O'Hare has made significant progress in its entire multi-phase OMP upgrades and more than half of the costs have been incurred. With the recent new runway opening of 10R-28L in October 2015, three of the four new runways have been completed along with one of the two planned runway extensions. Remaining costs related to the completion phases of the OMP, which will cover the additional airfield projects such as another new runway and runway extension project, are also anticipated to be close to $1.6 billion. Airline approvals are secured to move forward with the most critical airfield projects. Latest financial plans to support the remaining elements of the capital program show overall GARB debt levels rising to about $8.5 billion in total over the next five years. Fitch estimates that net debt-to-CFADS is currently 12.5x for the GARBs and will remain flat over the next five years before moderating slowly to lower levels.
The overall airline cost and financial profile reflects both the residual operating agreement and growing fixed costs associated with debt issuances that supported past capital programs. Historically, O'Hare's financial operations have produced stable debt service coverage, at or near 1.10x, (including fund balances) and the CPE was a competitive $14.55 in 2015. Given the recent large increases in passenger traffic, O'Hare's CPE is lower than had been previously projected for this period. Going forward, coverage levels on overall airport debt are expected to remain largely at the minimum required 1.10x (including fund balances) specified under bond documents, but will require substantial increases in airline fees to cover higher debt costs.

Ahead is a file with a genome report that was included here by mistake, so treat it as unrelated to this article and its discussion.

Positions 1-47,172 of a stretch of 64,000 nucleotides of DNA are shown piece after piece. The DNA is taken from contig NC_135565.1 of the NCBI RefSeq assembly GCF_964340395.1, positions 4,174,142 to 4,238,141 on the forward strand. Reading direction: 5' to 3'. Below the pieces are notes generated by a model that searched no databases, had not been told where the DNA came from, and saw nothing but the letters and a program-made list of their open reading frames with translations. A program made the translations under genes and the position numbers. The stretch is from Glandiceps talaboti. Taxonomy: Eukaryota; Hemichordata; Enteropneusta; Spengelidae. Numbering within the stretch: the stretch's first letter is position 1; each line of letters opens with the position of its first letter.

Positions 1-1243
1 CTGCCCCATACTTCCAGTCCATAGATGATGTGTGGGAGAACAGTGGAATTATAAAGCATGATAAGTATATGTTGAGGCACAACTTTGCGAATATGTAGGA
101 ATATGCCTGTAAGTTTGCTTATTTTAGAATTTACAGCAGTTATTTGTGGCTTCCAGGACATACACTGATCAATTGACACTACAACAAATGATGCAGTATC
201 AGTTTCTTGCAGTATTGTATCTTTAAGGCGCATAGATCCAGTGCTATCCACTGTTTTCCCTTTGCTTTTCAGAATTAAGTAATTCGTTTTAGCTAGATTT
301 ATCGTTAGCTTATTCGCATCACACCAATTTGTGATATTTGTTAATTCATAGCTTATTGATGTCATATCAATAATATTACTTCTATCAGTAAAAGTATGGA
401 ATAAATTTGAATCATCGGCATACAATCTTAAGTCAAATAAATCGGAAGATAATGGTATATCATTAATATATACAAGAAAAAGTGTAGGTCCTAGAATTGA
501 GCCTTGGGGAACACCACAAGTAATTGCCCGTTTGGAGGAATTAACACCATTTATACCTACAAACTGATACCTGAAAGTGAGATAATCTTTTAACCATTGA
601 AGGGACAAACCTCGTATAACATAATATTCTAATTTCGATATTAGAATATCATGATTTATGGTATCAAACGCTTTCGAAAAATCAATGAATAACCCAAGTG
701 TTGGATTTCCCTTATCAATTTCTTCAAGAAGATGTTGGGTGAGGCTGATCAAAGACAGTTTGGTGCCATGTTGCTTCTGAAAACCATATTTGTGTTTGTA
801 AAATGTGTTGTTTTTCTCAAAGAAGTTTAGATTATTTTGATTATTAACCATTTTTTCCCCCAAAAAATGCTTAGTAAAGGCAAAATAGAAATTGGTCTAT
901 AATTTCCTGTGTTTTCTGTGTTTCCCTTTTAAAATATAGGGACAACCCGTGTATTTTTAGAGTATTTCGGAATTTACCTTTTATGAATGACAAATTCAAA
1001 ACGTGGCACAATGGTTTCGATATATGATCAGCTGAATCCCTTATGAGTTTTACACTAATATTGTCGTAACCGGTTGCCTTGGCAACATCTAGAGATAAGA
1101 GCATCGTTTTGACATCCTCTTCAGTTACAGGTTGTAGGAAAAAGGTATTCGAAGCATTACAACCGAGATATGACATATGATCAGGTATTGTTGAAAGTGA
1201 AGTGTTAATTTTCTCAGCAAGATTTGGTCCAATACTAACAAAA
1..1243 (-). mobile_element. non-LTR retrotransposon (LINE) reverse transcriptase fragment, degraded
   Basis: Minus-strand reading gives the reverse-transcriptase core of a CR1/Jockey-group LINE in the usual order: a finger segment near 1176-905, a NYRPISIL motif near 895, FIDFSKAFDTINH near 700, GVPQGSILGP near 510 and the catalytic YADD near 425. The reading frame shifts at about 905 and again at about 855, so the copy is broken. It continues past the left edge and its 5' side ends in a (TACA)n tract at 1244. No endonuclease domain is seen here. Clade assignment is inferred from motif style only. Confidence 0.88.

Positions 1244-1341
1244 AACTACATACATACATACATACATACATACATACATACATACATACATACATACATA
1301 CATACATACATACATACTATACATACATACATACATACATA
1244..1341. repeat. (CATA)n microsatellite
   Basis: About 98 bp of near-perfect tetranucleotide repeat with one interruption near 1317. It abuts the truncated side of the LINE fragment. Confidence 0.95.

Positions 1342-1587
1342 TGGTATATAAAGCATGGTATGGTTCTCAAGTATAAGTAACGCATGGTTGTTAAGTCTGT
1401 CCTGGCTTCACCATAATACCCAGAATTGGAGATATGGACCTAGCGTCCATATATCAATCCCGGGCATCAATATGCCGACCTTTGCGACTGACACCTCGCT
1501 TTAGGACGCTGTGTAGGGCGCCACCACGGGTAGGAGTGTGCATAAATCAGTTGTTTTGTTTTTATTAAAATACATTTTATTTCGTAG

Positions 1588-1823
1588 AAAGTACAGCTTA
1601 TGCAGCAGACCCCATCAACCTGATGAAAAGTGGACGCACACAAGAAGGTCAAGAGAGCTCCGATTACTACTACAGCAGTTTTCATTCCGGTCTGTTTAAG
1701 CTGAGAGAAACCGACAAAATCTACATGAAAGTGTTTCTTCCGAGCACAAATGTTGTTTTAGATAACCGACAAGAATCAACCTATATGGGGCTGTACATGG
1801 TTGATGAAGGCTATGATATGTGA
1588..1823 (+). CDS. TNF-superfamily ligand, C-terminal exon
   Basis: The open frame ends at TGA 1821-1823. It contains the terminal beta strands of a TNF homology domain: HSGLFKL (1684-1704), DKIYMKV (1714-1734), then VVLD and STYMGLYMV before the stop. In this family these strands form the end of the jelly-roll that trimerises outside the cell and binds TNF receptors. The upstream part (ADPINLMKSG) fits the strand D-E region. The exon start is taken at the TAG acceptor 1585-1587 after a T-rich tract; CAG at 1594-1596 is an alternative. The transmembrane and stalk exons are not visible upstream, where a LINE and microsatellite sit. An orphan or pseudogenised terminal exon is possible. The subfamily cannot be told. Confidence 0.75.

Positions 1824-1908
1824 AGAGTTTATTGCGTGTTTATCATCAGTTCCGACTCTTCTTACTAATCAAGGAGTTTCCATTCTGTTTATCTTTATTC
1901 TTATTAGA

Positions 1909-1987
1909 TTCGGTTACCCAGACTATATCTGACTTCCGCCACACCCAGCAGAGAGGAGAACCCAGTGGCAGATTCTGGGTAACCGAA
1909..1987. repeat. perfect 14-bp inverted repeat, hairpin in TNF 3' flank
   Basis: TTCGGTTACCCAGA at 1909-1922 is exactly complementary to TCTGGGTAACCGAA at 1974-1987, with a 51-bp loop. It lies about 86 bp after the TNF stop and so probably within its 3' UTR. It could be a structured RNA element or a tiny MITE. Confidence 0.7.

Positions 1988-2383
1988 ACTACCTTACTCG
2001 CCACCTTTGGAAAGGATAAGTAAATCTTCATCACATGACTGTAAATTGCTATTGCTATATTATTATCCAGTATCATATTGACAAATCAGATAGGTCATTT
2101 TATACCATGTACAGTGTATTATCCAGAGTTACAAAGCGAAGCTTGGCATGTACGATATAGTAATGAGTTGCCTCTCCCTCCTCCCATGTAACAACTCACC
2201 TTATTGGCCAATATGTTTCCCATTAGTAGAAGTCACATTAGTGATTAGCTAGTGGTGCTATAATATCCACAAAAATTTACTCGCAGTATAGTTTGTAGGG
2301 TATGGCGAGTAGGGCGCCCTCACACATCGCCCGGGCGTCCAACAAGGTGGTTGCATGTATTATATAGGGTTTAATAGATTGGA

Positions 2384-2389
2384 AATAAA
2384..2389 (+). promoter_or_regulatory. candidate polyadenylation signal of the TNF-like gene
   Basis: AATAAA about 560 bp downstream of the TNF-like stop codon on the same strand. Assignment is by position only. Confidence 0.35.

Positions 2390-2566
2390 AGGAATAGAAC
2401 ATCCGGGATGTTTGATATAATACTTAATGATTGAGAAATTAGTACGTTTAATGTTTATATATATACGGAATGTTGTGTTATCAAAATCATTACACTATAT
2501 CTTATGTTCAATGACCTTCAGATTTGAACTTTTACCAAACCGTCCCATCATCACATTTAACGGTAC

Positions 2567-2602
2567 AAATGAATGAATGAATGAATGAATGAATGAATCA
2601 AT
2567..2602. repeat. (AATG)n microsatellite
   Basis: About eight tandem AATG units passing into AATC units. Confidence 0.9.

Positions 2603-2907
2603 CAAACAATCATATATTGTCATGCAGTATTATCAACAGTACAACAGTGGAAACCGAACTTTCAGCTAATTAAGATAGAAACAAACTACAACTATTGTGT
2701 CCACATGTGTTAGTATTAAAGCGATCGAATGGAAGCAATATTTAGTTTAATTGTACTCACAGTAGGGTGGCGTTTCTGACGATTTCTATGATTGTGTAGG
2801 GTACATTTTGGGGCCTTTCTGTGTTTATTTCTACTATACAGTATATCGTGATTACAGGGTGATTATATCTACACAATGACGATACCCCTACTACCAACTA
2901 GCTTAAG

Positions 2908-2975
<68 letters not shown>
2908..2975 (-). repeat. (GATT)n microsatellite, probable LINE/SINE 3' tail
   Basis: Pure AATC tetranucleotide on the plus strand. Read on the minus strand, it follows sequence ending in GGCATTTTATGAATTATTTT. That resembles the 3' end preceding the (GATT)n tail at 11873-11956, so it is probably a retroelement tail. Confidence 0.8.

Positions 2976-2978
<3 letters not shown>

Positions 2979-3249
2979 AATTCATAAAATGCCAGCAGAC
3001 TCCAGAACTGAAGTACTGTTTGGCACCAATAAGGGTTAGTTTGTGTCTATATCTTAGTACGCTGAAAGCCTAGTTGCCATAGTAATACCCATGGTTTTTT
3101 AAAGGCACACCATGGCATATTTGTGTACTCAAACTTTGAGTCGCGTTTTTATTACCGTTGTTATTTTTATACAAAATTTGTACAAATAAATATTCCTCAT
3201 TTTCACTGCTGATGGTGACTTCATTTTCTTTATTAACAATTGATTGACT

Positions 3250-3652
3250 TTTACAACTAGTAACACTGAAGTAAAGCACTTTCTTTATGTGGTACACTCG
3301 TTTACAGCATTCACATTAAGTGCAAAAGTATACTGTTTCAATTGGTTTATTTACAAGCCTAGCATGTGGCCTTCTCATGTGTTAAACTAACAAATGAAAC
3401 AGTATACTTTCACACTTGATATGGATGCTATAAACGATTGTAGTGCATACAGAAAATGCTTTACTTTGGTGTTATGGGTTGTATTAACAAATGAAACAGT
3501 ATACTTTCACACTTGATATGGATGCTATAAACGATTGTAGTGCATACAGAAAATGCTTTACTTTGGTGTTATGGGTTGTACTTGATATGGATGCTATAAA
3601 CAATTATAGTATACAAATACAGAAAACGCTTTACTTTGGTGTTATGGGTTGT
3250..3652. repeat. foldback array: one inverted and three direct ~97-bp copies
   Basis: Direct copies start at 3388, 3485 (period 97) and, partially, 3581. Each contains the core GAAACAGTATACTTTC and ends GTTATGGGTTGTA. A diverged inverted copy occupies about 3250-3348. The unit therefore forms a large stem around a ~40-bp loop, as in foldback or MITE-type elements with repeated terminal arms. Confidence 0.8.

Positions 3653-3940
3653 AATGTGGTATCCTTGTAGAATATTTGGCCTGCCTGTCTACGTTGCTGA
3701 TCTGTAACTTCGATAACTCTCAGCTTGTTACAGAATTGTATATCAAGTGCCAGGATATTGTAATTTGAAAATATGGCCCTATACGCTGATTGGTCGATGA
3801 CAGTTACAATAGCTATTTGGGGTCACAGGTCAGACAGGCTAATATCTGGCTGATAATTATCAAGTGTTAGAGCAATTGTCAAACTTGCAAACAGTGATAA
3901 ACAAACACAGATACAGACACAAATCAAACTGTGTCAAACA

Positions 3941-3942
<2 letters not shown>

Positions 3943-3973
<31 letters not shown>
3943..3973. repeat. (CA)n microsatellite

The latest sponsor traffic and financial forecasts developed for the series 2016 bond issue assumes full leveraging under the OMP and ongoing capital programs. Fitch reviewed the underlying assumptions, including a moderate traffic growth that averages at 0.7% through 2025 coupled with revenues and expenses growing at 3.9% and 5.4%, respectively. Fitch finds these traffic and financial assumptions reasonable for the Fitch base case. Under this scenario, CPE is expected to be around $20 in 2018 and further increasing to $25 by 2025 as debt costs are incorporated into the airline rate base. Leverage is expected to be elevated in the near term, averaging 12x through 2020, but falling to 10x, from fiscal 2022 on as revenues increase under the methodology of the current airline agreement.
Fitch's rating case assumes a 0.3% average traffic growth rate. The results indicate that CPE levels will be $2 to $3 higher in each year while debt service coverage levels remain unchanged. Under this scenario, leverage is marginally above Fitch's base case of 12x-13x through 2020 and then reducing below 10x. The residual agreement provides similar leverage results by increasing airline payments to maintain stable overall cashflows despite volume changes.
The PFC credit has historically maintained healthy coverage cushions. In 2015, debt service coverage derived from $143.3 million in pledged PFC revenues was 2.14x while leverage, at 4x, remains in a declining trend. Fiscal 2016 is expected to see a slight improvement in the PFC coverage ratio given the traffic increases, followed by only limited dilution from a $150 million parity bond issue for the international terminal project.
The PFC bonds are secured by a first lien on the PFC receipts.
Relevant Committee Date: Oct 6, 2016
Additional information is available on www.fitchratings.com
Rating Criteria for Airports (pub. 25 Feb 2016)
Rating Criteria for Infrastructure and Project Finance (pub. 08 Jul 2016)